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'Wild Georgia Shrimp' get top marks

By Sharon Omahen
University of Georgia

Georgia white shrimp rated highest in a University of Georgia consumer survey of six shrimp varieties. That's good news for the state's shrimpers.

"Georgia fishermen have always thought their shrimp were sweeter," said Marilyn Erickson, a food scientist with the UGA Center for Food Safety in Griffin, Ga. "But they're having trouble competing with the farm-raised shrimp that are flooding the market from India, China, Ecuador and Thailand."

Imported, farm-raised shrimp make prices cheaper for consumers, but they hurt fishermen who harvest shrimp from the wild, she said. About 85 percent of the shrimp eaten in the U.S. is imported.

The survey says...

The study, funded by the Georgia Sea Grant Program, involved metropolitan Atlanta-area consumers from the $30,000-or-more annual income bracket who eat shrimp at least three times a year.

"We had to select a target group of consumers that could afford to purchase shrimp and who actually do purchase them," said Anna Resurreccion, a UGA food scientist who led the consumer panel portion of the study. "One-third of our panelists reported eating shrimp at least once a month."

Half of the panelists choose large shrimp most often; 46 percent buy deheaded, shelled and deveined shrimp; and 58 percent prefer to eat fried shrimp.

The panel evaluated six shrimp varieties: Georgia white, Gulf brown, Mexico white, Panama white, India tiger and China tiger. The panel was served each variety as a boiled dish and asked to judge each on appearance, color, aroma, moistness, flavor and texture.

Georgia white ranked best overall and best in the aroma category. It was second in appearance and color. Best flavor and texture went to India tiger shrimp. Mexico white ranked best in color, appearance and moistness.

Shinier tails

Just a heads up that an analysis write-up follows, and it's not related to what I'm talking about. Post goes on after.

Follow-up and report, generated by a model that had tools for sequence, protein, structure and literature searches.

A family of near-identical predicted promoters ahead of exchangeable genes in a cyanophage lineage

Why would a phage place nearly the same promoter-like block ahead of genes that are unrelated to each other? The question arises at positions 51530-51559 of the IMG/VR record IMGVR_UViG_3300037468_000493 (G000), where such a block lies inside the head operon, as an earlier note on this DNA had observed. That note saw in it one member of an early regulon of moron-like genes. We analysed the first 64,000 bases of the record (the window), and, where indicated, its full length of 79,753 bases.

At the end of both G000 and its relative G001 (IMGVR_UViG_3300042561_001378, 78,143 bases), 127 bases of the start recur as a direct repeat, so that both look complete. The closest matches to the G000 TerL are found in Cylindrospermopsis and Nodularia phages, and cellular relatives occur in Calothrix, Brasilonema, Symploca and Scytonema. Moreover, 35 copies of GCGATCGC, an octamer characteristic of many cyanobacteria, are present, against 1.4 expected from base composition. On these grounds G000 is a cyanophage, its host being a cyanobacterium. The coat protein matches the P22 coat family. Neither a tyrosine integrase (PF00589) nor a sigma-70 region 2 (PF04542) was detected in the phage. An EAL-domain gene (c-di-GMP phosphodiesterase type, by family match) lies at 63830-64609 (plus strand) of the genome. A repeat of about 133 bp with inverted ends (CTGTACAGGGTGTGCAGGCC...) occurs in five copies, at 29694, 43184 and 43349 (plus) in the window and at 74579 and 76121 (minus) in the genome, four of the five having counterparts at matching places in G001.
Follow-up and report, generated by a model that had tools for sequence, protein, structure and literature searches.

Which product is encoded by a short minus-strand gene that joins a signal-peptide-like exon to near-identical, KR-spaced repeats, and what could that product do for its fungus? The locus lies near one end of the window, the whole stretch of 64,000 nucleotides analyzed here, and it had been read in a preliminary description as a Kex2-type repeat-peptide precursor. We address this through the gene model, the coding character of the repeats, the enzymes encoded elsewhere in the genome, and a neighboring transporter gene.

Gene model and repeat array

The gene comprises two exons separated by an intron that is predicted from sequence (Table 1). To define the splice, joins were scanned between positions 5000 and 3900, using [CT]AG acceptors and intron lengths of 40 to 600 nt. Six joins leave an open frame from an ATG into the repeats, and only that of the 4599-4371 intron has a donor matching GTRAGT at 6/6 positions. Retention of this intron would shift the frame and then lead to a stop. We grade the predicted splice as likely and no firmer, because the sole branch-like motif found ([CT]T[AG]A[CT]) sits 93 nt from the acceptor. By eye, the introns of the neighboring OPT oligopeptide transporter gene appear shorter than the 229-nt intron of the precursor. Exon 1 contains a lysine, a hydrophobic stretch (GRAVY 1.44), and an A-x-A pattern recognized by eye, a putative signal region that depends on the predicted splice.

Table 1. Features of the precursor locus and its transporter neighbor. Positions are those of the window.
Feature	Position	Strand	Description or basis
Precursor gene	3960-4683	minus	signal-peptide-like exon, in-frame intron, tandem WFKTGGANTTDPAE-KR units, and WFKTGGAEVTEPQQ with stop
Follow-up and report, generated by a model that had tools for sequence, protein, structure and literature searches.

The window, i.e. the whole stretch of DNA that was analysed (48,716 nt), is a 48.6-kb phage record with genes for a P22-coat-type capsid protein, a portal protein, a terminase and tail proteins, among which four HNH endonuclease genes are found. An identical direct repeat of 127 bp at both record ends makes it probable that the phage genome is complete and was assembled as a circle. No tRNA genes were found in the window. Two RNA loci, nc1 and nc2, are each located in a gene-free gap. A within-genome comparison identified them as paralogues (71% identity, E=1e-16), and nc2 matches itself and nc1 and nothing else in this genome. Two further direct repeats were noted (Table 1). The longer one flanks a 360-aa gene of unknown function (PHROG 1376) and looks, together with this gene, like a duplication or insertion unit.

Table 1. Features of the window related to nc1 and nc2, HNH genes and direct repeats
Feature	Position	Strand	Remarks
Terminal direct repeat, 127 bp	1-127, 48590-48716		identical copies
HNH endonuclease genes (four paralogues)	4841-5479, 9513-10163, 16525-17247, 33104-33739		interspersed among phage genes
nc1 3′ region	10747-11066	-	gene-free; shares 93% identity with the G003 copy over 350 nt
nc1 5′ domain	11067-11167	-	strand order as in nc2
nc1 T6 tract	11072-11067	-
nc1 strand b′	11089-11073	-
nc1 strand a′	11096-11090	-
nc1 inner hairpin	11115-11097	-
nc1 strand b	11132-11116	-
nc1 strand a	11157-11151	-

The survey uncovered an unusual feature of Georgia white shrimp: an iridescent tail.

"It became obvious in the fresh shrimp," Erickson said. "The fresher the shrimp, the more iridescent the tails appeared. The Georgia whites also looked more red-orange when they were boiled."

The study also included a storage study of fresh versus frozen shrimp.

"Fresh, of course, was found to be the best for taste," Resurreccion said. "But our study revealed that juiciness and sweetness decrease with time of storage. Even when shrimp are stored in ice, these qualities begin to decrease after just three days."

Overall, Resurreccion says, fresh shrimp are usually best. "If you can't get truly fresh shrimp, you may actually do better buying frozen shrimp," she said. "And, in Georgia, you can get the freshest Georgia shrimp."

Consumers willing to pay

Nearly two-thirds of the panelists were willing to pay more for shrimp that were certified.

"Having shrimp certified would serve as a type of guarantee for consumers," Resurreccion said. "Consumers see certification as a vote of confidence, much like the Good Housekeeping seal of approval."

"The shrimpers can use our study to help market their product and make their industry more profitable," Resurreccion said.

The UGA Marine Extension Service is working closely with the Georgia Shrimp Association on the marketing effort. Georgia wild- harvested shrimp are now officially known as Wild Georgia Shrimp.

"When you control only 15 percent of the market, you don't control the prices," said Keith Gates, associate director of the UGA Marine Extension Service in Brunswick, Ga. "Prices for American shrimp are depressed right now. Our shrimpers are getting less per pound for wild-caught, domestic shrimp than they did in 1977."

Gates along with Richard Vendetti, a fisheries economist with the UGA Marine Extension Service, are active in regional marketing efforts aimed to help shrimpers along what is called "the South Atlantic bight," the area off the coast of South Carolina, Georgia and north Florida where wild-caught shrimp are harvested.

"We've developed a quality manual for Wild Georgia Shrimp," Gates said. "And we're working to train fishermen how to control quality during harvest and storage."

Many docks, distributors, restaurants and retailers have signed on with the Wild Georgia Shrimp program. “Georgia shrimpers are optimistic that finding a market niche for their product will help turn the tide for them,” Vendetti said.

Gates says Wild Georgia Shrimp may fit into a high-scale niche market as a product for upscale restaurants. "If the product is handled well, there are no better shrimp than those caught off the Georgia bite," he said.

For more on the Wild Georgia Shrimp Program see the program Web site at

(Sharon Omahen is a news editor with the University of Georgia College of Agricultural and Environmental Sciences.)

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